NEW DELHI: It’s not many a school kid who knows exactly what they want to do when they grow up, but clearly Tarun Sibal wasn’t among that number.
“I was determined to be a chef from before Class X. I’d already grown up in an environment surrounded by food, thanks to my family, so I knew what I wanted to pursue as a career, it was in my bloodline, so to speak,” says Sibal, the third generation of a family intimately involved in Delhi’s catering industry.
Sibal began climbing the culinary larder, um ladder, as an Institute of Hotel Management (IHM) – Pusa alumnus and started off as a kitchen trainee in 2003, at the India Habitat Centre in Delhi, which was and is managed by Rohit Khatter’s Old World Hospitality brand.
“It was in 2006, by which time I had become a sous chef, when I bid farewell to kitchen operations, at least as a chef. I went on to do an MBA, explored food and beverage marketing, and managed three international food courts during my corporate days,” recalls Sibal, noting that it was at this time that the alcohol and wine segments also became part of his repertoire.
“I donned my chef coat again in 2015, and it may sound strange, but this period in which I hadn’t been cooking actually helped make me a better chef,” says Sibal, who believes his grounding in the management and marketing of food and beverage brands helped him gain a holistic understanding of the hospitality industry.
Since he’s put the toque back on, Sibal has reiterated his family business into a boutique catering service known as One Fine Meal and has also opened his own restaurant (“an Indo-international affair, located in Vagator, Goa”) called Titlie.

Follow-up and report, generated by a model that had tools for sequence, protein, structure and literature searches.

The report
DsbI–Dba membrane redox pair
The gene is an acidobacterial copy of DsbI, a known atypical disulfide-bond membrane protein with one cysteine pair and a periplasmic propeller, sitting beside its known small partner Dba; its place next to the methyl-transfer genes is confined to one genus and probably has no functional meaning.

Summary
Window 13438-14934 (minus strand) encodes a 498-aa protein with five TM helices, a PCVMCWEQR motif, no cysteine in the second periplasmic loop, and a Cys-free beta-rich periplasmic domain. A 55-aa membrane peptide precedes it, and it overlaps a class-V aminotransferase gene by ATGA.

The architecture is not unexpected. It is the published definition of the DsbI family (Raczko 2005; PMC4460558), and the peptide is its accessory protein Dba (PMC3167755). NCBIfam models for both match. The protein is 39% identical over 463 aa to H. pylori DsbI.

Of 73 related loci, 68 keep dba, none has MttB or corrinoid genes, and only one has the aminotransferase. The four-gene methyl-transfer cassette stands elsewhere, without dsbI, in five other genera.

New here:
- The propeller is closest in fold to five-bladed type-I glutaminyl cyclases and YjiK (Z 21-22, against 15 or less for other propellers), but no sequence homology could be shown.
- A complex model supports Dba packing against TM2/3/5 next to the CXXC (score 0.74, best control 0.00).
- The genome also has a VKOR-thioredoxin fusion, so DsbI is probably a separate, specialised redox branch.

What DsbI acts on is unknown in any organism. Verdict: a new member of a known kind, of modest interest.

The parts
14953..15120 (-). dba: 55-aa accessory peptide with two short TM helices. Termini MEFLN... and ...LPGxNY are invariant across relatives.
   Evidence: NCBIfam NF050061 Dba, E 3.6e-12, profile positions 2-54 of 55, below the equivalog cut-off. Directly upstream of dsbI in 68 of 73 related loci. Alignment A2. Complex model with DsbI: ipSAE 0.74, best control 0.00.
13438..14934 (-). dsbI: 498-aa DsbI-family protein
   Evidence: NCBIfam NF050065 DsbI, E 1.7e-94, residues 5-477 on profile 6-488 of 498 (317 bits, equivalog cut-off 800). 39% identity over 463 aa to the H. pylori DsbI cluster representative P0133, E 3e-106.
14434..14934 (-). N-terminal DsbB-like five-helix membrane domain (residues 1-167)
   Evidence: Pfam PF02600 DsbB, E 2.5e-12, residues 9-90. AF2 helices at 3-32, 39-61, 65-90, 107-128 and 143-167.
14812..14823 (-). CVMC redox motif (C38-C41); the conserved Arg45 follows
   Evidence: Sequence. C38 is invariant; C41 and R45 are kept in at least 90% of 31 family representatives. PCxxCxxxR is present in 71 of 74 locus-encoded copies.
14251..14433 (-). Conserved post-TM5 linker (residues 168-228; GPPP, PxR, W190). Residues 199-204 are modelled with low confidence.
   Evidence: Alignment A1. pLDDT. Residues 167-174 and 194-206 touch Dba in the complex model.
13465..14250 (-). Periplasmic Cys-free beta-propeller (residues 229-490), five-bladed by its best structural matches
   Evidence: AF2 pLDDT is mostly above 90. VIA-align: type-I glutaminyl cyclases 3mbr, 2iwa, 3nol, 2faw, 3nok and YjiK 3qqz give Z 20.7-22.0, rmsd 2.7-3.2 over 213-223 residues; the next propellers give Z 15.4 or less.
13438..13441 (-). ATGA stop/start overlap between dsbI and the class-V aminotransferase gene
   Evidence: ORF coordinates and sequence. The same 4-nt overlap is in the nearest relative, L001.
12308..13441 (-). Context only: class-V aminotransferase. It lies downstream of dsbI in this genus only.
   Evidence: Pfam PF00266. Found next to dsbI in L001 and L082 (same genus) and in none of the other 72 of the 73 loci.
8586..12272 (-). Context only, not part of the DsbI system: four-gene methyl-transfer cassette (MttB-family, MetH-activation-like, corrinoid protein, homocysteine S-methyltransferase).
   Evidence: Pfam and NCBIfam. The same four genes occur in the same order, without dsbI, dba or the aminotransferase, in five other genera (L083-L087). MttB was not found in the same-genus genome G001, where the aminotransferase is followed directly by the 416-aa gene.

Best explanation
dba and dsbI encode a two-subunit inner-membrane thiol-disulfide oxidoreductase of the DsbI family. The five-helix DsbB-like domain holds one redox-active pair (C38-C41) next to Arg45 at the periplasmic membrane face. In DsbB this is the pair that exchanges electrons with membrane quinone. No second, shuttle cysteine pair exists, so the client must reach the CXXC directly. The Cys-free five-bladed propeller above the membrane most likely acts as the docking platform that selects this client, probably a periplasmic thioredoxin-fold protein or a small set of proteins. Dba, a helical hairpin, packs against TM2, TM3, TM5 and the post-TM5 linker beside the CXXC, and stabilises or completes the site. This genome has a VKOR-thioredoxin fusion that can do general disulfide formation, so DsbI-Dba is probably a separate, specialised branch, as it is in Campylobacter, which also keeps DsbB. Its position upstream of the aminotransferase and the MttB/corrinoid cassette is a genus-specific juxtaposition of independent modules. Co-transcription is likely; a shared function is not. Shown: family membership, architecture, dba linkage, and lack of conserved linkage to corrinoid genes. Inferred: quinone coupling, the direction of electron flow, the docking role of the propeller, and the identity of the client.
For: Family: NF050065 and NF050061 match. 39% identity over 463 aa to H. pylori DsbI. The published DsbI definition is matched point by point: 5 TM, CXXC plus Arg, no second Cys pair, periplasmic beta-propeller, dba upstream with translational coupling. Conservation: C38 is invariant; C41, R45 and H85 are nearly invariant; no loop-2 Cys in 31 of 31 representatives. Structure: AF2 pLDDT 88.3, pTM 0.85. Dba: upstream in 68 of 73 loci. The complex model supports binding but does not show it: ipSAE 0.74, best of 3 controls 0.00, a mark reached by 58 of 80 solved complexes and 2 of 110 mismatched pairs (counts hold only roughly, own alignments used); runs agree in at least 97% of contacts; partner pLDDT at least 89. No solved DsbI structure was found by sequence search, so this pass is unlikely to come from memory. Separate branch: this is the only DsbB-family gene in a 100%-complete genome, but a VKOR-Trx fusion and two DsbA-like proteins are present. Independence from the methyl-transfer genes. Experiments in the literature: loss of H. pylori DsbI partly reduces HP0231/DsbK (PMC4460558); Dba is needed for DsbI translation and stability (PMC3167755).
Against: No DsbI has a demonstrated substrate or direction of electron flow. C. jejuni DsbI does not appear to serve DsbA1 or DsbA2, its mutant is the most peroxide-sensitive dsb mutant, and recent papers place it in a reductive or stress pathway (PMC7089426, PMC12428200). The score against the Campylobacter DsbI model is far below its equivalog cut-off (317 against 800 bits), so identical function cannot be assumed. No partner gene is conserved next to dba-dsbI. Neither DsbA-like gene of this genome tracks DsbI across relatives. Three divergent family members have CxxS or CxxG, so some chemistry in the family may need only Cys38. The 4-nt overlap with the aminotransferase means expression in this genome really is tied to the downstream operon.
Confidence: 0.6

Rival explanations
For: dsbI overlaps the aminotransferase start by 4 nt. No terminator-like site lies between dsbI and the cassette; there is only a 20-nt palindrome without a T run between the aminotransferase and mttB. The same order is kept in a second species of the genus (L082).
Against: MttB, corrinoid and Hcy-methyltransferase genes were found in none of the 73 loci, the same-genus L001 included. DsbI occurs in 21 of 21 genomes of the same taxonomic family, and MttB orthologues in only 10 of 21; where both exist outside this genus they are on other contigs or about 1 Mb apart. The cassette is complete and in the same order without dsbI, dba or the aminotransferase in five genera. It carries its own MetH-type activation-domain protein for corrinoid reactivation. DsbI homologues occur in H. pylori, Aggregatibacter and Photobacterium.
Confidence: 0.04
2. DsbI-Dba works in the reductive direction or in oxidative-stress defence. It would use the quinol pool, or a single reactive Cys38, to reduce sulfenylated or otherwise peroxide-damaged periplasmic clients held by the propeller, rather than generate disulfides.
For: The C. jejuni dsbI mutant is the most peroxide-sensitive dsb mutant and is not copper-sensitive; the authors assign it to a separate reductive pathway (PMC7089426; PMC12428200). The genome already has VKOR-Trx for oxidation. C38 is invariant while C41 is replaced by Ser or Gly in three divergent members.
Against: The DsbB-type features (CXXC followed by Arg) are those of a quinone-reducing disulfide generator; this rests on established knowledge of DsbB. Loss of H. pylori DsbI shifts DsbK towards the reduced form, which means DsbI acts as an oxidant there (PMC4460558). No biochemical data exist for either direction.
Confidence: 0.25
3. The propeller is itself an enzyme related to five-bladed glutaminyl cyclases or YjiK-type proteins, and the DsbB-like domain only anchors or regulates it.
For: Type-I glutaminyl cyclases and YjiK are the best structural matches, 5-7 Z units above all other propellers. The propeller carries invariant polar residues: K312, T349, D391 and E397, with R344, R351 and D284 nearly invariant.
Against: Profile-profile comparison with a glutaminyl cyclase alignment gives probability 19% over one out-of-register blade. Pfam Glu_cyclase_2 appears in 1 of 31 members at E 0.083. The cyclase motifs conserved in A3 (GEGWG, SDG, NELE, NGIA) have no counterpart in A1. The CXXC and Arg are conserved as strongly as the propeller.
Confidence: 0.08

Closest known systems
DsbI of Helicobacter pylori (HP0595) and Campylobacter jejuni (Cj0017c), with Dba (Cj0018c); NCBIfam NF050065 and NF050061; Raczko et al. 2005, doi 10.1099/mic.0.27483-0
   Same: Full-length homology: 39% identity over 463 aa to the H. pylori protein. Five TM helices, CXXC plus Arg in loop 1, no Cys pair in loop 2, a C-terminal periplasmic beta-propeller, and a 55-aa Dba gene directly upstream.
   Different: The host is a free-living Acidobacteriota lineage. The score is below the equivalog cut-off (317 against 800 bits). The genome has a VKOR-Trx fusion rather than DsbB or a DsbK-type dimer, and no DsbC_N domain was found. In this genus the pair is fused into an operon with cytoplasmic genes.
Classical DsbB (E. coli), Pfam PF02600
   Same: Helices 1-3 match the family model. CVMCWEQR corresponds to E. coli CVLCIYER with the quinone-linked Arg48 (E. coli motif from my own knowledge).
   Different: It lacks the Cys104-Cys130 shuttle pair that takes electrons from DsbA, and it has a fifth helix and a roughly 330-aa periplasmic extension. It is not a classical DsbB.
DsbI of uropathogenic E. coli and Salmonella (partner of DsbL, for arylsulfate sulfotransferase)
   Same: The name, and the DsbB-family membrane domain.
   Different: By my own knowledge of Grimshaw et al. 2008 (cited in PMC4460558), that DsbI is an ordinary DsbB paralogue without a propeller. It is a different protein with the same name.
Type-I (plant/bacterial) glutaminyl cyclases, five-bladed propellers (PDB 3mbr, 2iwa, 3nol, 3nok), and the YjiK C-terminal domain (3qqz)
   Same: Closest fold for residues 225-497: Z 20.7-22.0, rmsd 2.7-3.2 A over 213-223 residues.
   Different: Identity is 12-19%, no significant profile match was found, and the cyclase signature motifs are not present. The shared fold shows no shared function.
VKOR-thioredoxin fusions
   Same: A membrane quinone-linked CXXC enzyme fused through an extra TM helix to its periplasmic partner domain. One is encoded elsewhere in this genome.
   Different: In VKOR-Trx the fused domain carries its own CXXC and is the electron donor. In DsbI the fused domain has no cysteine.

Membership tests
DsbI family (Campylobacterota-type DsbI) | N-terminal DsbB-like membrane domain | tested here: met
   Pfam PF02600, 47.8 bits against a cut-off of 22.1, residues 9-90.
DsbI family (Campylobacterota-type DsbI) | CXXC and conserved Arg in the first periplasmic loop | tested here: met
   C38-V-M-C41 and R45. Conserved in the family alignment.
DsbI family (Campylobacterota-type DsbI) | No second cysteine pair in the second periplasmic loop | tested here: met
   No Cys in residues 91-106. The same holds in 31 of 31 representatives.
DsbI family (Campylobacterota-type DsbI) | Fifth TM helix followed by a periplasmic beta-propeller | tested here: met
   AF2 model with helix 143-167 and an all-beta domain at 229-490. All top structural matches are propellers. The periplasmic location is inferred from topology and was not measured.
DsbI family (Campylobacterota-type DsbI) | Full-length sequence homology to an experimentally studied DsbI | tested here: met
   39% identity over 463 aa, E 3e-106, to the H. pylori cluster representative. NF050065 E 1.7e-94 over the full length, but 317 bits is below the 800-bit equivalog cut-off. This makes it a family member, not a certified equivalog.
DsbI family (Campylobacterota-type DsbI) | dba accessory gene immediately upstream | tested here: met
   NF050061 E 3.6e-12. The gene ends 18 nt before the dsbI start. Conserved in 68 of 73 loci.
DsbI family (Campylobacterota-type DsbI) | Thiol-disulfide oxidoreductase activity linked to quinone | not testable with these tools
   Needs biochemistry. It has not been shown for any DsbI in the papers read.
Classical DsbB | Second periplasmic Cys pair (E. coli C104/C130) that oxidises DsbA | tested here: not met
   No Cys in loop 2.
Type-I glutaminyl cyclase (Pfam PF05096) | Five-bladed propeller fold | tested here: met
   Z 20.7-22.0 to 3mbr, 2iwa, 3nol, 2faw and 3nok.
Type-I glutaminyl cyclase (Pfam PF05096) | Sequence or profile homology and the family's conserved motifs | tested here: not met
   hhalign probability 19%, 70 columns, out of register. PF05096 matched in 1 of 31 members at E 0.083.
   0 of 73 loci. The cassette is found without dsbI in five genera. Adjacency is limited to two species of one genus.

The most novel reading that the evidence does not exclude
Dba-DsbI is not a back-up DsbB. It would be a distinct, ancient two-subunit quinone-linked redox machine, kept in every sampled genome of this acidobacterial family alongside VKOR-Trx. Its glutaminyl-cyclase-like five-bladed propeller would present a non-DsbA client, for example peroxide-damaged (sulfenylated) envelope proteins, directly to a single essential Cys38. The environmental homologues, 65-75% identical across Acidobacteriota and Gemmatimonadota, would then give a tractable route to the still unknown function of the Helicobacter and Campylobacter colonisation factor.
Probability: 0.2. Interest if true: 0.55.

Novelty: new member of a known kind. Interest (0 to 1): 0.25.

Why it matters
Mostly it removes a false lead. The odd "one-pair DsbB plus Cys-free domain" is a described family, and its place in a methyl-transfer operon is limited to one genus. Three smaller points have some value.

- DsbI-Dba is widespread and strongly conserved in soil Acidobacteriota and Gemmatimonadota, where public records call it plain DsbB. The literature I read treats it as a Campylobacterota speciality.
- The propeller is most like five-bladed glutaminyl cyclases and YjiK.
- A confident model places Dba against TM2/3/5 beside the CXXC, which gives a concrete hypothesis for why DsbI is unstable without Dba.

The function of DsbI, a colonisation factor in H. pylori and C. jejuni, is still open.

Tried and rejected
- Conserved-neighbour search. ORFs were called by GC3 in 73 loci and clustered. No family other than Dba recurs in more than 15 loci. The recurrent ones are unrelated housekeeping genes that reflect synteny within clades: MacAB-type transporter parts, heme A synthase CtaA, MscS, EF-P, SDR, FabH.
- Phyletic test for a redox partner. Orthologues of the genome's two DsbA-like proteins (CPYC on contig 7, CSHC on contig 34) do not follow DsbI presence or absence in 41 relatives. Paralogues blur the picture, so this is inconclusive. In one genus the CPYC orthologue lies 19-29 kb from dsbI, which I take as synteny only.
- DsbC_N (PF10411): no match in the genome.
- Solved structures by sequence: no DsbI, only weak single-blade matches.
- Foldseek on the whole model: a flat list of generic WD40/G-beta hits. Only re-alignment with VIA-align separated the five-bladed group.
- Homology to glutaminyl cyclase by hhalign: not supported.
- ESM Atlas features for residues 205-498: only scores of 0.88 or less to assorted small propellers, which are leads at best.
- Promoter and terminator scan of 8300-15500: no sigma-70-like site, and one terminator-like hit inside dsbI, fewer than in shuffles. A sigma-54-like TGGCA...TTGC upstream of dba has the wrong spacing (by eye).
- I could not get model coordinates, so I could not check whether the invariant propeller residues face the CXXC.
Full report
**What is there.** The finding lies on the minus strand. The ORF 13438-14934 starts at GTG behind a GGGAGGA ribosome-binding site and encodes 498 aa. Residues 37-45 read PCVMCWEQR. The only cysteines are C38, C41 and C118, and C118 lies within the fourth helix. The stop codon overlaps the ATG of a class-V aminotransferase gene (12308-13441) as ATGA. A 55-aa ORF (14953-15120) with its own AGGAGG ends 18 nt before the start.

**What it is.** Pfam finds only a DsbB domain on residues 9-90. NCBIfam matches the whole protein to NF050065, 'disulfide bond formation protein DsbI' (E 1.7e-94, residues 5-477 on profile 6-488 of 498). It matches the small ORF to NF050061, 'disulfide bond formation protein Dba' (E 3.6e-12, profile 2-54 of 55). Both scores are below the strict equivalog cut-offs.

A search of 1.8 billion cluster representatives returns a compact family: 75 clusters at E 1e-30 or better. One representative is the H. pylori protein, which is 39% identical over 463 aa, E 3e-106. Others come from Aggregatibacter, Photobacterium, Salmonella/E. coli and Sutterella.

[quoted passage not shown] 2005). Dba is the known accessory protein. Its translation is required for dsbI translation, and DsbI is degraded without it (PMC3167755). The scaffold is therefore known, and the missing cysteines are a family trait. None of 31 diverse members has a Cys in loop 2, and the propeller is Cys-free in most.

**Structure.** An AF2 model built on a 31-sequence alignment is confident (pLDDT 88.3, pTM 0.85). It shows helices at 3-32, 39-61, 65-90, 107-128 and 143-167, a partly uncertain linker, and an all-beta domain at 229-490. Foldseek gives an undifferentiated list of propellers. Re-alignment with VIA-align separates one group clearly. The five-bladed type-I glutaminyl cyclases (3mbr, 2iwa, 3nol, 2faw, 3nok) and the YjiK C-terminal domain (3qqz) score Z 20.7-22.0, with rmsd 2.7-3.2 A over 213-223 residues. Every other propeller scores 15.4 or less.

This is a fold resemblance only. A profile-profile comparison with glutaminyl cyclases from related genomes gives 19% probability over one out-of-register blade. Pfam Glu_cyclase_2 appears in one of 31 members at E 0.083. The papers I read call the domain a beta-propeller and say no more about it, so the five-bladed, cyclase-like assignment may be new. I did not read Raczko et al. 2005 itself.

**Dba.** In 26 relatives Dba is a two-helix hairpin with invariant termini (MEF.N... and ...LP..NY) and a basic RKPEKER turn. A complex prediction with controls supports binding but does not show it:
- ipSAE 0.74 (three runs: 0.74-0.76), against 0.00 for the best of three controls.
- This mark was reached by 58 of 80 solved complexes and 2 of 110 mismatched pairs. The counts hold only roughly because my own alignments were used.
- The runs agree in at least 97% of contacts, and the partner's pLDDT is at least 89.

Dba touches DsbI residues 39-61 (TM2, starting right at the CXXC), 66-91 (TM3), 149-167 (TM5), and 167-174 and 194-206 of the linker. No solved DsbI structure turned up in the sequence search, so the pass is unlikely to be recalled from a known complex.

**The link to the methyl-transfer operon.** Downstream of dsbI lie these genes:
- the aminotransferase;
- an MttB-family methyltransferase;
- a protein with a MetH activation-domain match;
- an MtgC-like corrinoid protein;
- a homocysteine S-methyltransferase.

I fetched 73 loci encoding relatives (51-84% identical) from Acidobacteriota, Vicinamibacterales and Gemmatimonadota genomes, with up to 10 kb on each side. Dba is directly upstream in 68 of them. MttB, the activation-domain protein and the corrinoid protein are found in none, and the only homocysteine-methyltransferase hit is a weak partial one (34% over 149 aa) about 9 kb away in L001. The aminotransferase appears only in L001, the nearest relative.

He has also worked as a chef consultant for launching the new restaurants and has consulted many restaurants like Street Storyss in Bengaluru, Sidecar in Delhi, Loft by Clock Tower in Gurugram, and Ministry of Sounds in Noida, among others.
A firm believer that food has evolved beyond geographic designations, Sibal’s philosophy is what he likes to call “collaborative cuisine”, wherein ingredients and cooking techniques from around the world come together on a plate. And Sibal loves his plates.
An aficionado of food styling and plate presentation, Sibal tells a story through every dish he presents.
“My food philosophy is that firstly I need to have food on the plate. It can’t be a 20 inch platter and only two inches of actual food. Then I like to customise and personalise the dining experience and its presentation as much as I possibly can for the person and for people who are going to eat it. This includes everything from the base ingredients of the dishes, the type of client having it, to the type of setting they’re having the meal in, and the time of day it’s being had,” says Sibal.
As far as narrative structures go, we couldn’t do better ourselves.